# When to use repeated measures versus ANOVA on differences

I conducted an experiment where students were divided between two experiment groups and two language levels. They all completed a pre-test and post-test. I have tried the following two approaches, but I am not sure which one is giving me the correct answer. I did a mixed ANOVA (within subjects test scores) and between subjects was the experiment group and language levels, using the Repeated measures ANOVA function on SPSS. I also did a two-way ANCOVA on the post-test with the pre-test as a co-variate the experiment and language groups were the between subjects factors. The problem is that the results do not seem to be the same. My groups were randomly allocated and there are no significant differences in their pre-test scores.

• There's actually extensive literature on this question; it hasn't been resolved by a long shot, and each situation may present its own challenge. For a bit of info see queryoverflow.gdn/query/… . A longer source that looks informative is homes.ori.org//keiths/Tips/Stats_GainScores.html . – rolando2 Jul 9 '18 at 18:36
• I removed the references to SPSS, which weren't really necessary to the question and which would tend to make the question off-topic on this site. – rolando2 Jul 9 '18 at 18:38
• – rolando2 Jul 9 '18 at 18:40
• It's been a while but I find it strange that repeated measures ANOVA of two time points with the same between subjects factors is any different from ANOVA with same between subjects factors of the difference score. The t-test analog of a repeated measures ANOVA is the paired t-tests which is just analysis of the difference score. I think your results should only be different if you did an ANCOVA controlling for the pretest with the same between subjects factors. – Heteroskedastic Jim Jul 9 '18 at 19:30
• I have changed my post. It is quite correct the ANOVA on the difference scores and the repeated measures gave the same results. It is the ANCOVA using the pre-test as a co-variate that gives me a different result. I am looking for a non-technical explanation that I can use to explain which method I should use. Thanks for all of the feedback. – Sonnette Smith Jul 15 '18 at 17:07

The test of the main hypotheses should be the same for both of these approaches. Keep in mind that the factors of interest are different. In the second model of change (gain) scores, you have three F-values: a main-effect each for experiment and language and the interaction between the two. In the former within/between repeated measures ANOVA, you have seven F-values: main effects for experiment, language, and time as well as three two-way interactions and one three-way interaction. The two-way interactions correspond to the main effects in the first model and the three-way interaction corresponds to the two-way interaction in the first model. For example, the time by experiment interaction is testing whether change over time differs between the groups. Thus, this is the main effect for experiment in the change score ANVOA.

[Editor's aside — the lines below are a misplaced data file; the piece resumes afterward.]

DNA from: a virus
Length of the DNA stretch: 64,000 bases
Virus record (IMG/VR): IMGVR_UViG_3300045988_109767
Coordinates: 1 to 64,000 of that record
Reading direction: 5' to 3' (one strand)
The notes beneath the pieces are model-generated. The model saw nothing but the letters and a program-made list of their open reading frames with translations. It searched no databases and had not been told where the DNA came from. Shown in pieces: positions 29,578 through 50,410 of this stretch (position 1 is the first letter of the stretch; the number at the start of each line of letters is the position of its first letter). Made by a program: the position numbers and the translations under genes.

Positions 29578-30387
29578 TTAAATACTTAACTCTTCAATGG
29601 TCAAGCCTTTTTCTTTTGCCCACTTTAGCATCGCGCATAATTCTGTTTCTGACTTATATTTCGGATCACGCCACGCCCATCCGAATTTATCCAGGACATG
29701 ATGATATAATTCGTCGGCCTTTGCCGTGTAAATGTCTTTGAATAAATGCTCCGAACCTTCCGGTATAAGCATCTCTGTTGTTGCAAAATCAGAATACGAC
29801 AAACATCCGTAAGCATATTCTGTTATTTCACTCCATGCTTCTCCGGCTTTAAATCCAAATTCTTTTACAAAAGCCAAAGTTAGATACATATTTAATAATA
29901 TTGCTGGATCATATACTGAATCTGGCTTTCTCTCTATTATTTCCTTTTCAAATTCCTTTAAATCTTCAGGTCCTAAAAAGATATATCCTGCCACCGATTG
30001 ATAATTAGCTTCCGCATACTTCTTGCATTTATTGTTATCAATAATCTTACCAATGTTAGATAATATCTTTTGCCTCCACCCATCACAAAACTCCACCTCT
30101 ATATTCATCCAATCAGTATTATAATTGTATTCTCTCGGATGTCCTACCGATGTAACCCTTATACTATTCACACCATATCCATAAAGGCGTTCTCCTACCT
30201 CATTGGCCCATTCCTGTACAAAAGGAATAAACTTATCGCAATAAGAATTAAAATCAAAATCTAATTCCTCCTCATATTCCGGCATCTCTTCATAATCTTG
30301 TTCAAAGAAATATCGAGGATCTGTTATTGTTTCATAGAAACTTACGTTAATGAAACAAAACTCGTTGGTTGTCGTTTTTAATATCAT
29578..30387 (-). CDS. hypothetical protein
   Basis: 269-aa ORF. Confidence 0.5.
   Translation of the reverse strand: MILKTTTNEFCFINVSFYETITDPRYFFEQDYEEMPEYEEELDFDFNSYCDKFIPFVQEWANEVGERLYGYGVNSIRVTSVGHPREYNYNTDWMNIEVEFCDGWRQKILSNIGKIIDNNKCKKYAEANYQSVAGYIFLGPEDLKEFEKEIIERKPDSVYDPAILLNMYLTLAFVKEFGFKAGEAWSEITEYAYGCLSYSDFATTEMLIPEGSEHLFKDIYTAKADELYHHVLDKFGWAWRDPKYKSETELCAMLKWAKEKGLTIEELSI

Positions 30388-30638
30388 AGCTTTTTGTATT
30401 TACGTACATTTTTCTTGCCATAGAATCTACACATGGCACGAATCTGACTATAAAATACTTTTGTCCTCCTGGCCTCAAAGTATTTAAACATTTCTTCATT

Below demonstrates that these two models produce identical F-values for the three hypotheses tested by the change score model.

> ## Create data in long format (2 rows per student)
> set.seed(1)
> y <- rnorm(32)
> student <- c(1,1,2,2,3,3,4,4,5,5,6,6,7,7,8,8,9,9,
+              10,10,11,11,12,12,13,13,14,14,15,15,16,16)
> student <- factor(student)
> time <- c(rep(c(1,2),16))
> experiment <- c(rep(1,16),rep(2,16))
> language <- c(rep(1,8),rep(2,8),rep(1,8),rep(2,8))
>
> ## run repeasted measures ANOVA
> summary(aov(y ~ experiment*language*time + Error(student/time)))

Error: student
Df Sum Sq Mean Sq F value Pr(>F)
experiment           1  0.020  0.0197   0.017  0.899
language             1  0.216  0.2165   0.186  0.674
experiment:language  1  0.058  0.0579   0.050  0.827
Residuals           12 13.963  1.1635

Error: student:time
Df Sum Sq Mean Sq F value Pr(>F)
time                      1  1.300   1.300   2.073 0.1755
experiment:time           1  0.080   0.080   0.128 0.7272
language:time             1  2.100   2.099   3.349 0.0922 .
experiment:language:time  1  1.133   1.133   1.806 0.2038
Residuals                12  7.524   0.627
---
Signif. codes:  0 ‘***’ 0.001 ‘**’ 0.01 ‘*’ 0.05 ‘.’ 0.1 ‘ ’ 1

> ## Createdata with change (gain) score
> gain <- y[time==2] - y[time==1]
> experiment <- c(rep(1,8),rep(2,8))
> language <- c(rep(1,4),rep(2,4),rep(1,4),rep(2,4))
>
> ## run ANOVA on change scores
> summary(aov(gain ~ experiment*language))
Df Sum Sq Mean Sq F value Pr(>F)
experiment           1  0.160   0.160   0.128 0.7272
language             1  4.199   4.199   3.349 0.0922 .
experiment:language  1  2.265   2.265   1.806 0.2038
Residuals           12 15.047   1.254
---
Signif. codes:  0 ‘***’ 0.001 ‘**’ 0.01 ‘*’ 0.05 ‘.’ 0.1 ‘ ’ 1


You can see in the above that the F for the experiment by language interaction effect in the change score ANOVA is equal to the time by experiment by language F from the repeated measure ANOVA (both are 1.806 with 1,12 degrees for freedom and a p-value of 0.2038).